There is a tale in the small village of Corscombe, Dorset that an eccentric
eighteenth century landowner Thomas Hollis is buried beside his favourite horse.
Hollis, English political philosopher and author, is principally remembered
as a great benefactor to American colleges, especially Harvard, sending
donations and numerous books.
He had attached himself to no religion and his one abiding belief was that
had an immutable right to hold any religious belief that he wished. A rationalist who
saw the fight for a free society in the American colonies as the major contemporary
world event that had the potential to advance the human mind.
Now back to the horse...
Hollis died on 1st January 1774 (apparently after collapsing in one of his fields) and
the horse was shot shortly after. They were both lowered into a ten foot hole in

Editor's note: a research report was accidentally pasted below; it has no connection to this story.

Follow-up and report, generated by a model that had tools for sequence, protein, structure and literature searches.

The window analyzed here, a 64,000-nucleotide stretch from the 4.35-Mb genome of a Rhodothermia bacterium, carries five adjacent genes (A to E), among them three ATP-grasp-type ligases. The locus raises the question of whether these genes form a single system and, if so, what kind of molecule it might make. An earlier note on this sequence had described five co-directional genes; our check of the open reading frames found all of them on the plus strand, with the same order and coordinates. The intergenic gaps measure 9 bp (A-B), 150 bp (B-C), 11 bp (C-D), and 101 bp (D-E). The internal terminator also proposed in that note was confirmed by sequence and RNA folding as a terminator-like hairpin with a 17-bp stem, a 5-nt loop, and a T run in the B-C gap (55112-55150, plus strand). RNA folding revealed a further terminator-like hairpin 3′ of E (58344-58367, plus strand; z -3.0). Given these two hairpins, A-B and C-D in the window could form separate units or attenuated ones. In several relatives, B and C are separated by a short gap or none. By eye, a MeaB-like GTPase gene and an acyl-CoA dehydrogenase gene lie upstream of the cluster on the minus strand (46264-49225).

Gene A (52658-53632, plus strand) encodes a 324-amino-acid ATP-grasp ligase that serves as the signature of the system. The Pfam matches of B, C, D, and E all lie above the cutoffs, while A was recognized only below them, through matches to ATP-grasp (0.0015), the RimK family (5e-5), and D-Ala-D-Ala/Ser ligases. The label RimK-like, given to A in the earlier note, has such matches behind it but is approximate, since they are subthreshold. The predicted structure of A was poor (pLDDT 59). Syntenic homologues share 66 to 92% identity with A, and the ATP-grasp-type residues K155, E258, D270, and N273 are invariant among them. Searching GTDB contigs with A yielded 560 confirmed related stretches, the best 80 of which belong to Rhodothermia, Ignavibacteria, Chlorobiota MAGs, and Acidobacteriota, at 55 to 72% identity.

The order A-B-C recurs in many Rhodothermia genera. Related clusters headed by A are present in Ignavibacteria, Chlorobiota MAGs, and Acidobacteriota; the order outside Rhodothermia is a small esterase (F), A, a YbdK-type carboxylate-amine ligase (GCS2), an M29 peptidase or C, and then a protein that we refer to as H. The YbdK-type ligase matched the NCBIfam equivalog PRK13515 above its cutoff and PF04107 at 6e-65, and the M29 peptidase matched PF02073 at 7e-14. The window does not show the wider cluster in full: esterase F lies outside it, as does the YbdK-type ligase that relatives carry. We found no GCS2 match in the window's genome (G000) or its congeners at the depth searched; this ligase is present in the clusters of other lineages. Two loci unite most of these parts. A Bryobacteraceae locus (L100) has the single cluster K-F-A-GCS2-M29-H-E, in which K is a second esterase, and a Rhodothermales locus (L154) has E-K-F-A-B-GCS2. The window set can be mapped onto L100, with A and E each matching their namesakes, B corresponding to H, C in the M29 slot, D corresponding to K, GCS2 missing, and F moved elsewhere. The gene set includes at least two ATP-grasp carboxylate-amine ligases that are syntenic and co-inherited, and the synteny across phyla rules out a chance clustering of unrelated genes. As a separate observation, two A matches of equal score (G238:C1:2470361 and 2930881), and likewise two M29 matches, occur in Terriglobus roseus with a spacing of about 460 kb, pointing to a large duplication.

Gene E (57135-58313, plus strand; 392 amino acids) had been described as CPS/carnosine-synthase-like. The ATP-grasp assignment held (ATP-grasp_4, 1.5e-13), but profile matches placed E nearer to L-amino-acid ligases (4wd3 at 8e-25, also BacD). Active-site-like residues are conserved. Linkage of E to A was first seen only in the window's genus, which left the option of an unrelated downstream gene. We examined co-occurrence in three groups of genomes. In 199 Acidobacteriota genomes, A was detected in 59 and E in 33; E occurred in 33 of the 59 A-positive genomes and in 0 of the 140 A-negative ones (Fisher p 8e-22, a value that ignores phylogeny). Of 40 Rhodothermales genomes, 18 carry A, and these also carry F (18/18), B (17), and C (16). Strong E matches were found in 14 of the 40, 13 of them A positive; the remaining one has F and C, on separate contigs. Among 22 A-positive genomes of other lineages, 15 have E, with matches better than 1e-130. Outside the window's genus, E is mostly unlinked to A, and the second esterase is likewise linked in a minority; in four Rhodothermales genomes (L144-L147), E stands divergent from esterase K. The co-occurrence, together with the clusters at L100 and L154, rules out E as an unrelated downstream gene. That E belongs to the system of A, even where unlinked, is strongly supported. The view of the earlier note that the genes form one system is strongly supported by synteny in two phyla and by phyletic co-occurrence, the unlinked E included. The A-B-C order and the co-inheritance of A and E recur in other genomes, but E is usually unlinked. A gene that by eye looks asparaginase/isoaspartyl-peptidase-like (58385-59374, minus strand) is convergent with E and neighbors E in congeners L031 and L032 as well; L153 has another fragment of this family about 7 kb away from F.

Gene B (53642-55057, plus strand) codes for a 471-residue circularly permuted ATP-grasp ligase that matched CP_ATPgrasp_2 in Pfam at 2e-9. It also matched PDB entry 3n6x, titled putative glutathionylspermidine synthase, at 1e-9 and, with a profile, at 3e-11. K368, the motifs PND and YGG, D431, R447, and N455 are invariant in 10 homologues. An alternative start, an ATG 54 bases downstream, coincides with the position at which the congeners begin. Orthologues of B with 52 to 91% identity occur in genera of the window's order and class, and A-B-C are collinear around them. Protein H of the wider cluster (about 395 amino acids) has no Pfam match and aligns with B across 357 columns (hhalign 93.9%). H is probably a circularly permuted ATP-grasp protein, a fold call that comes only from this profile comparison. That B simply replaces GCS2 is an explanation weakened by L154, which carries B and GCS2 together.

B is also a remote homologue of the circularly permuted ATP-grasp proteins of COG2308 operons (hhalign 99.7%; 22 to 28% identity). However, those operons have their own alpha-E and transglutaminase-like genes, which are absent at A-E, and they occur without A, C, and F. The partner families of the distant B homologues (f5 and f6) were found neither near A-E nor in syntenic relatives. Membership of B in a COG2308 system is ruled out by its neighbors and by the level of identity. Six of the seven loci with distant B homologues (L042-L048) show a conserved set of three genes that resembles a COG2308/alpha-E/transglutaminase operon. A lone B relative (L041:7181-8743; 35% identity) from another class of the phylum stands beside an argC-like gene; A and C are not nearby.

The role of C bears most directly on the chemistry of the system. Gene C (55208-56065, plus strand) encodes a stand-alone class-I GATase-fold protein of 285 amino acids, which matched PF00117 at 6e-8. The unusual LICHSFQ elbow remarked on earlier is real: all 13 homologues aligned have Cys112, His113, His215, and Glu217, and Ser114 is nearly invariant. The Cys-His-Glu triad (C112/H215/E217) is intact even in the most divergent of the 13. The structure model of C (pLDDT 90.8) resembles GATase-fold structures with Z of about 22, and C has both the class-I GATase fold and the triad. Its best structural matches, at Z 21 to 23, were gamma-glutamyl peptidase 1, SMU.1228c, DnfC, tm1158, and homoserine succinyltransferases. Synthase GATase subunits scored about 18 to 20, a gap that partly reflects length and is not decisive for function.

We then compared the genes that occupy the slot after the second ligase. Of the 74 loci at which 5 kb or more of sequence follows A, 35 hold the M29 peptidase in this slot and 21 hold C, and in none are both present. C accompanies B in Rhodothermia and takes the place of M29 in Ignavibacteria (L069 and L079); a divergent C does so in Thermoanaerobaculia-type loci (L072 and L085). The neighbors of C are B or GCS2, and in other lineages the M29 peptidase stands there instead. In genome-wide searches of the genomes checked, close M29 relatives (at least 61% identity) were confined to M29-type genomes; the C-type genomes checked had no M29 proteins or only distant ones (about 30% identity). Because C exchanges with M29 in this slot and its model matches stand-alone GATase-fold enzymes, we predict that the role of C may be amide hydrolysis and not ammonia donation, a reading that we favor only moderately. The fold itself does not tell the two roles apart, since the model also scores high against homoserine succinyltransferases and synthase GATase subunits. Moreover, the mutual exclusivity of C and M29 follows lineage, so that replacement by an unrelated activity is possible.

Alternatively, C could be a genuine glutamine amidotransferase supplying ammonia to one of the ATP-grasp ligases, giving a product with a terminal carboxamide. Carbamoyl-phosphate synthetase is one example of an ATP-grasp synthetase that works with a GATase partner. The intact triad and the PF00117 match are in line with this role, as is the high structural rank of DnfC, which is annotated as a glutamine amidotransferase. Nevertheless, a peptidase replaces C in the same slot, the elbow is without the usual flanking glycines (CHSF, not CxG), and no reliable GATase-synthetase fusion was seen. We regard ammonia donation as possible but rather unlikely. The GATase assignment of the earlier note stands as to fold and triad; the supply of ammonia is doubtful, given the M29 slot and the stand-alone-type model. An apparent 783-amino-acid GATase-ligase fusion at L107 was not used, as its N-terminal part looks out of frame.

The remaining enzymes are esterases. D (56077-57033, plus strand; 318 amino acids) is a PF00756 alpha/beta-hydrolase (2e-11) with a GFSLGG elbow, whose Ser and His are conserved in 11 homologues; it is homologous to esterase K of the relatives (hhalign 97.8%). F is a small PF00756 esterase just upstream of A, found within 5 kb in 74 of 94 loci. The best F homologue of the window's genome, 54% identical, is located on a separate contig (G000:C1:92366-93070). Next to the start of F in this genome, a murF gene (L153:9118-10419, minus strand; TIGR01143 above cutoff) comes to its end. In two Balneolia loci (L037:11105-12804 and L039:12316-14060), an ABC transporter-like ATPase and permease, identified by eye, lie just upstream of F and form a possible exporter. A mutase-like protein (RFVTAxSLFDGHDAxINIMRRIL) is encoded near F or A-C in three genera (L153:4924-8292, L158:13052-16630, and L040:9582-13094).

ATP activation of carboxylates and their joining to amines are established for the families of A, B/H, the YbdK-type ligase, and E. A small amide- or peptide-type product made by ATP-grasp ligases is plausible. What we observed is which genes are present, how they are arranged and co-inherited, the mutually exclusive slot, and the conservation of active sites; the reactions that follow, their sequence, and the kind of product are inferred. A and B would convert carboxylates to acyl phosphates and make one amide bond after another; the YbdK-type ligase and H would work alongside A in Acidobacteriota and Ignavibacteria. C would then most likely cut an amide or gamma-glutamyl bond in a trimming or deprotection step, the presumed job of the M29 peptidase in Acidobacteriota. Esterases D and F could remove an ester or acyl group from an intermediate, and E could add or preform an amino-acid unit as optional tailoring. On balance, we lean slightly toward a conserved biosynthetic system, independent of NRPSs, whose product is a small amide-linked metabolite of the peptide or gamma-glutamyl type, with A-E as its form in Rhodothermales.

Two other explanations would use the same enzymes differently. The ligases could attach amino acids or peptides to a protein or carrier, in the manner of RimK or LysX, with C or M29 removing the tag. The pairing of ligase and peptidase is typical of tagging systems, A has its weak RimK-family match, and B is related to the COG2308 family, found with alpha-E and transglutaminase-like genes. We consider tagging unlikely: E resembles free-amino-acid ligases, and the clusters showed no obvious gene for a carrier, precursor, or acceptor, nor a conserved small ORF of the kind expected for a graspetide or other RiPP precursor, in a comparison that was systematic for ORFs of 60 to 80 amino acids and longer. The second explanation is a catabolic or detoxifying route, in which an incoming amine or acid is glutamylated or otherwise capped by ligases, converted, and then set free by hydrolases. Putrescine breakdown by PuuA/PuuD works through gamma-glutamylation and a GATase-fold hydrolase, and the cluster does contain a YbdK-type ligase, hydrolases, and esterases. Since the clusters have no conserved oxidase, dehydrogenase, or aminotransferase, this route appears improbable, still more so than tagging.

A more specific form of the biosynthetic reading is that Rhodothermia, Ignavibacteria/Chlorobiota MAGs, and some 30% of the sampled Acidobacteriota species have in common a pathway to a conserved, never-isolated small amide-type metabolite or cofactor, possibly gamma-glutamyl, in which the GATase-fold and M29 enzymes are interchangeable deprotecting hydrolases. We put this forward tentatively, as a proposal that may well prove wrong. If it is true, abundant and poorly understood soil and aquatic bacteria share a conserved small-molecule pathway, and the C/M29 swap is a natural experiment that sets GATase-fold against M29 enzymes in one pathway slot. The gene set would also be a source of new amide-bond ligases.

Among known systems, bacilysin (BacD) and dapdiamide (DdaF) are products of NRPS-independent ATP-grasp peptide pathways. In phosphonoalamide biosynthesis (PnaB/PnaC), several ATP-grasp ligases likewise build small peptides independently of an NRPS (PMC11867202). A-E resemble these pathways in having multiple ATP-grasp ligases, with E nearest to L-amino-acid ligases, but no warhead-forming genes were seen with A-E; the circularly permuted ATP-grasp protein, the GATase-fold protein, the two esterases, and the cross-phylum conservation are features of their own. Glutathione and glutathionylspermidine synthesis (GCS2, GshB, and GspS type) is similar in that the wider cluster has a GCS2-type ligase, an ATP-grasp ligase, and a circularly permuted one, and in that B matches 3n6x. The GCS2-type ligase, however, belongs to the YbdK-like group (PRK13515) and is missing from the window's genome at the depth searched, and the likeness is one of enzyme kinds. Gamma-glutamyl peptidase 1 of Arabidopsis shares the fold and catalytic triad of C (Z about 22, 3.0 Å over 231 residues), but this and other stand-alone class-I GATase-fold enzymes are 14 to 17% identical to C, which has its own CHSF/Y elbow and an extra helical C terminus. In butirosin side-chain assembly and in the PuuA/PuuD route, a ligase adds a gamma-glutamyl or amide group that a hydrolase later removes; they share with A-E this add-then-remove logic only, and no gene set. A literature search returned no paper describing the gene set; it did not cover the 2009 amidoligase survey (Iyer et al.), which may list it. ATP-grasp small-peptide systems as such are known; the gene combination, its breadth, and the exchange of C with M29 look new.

the middle of a field on the appropriately named Harvard Farm.
This followed the strict instructions he gave, down to the immediate ploughing over
of the field so that no trace should remain of his burial place.
Harvard Farm is close to the Sutton Bingham Reservoir and was at that time
211 acres and sixth in size of his properties and which he was personally managing
at the time of his death.
The names of the fields his colonial interest such as New England field, Boston,
Mayhew Cotton, Massachusetts and so on.
The field Massachusetts tenuously retains its name in away as the farmers refer to
it now as ‘Massy Field.’
Although he only spent four years in the village he has had great effect on
the area, undertaking extensive repair to the local church.
An eccentric man who when he lost his home because of a fire he walked out saving
only one thing – his portrait of John Milton.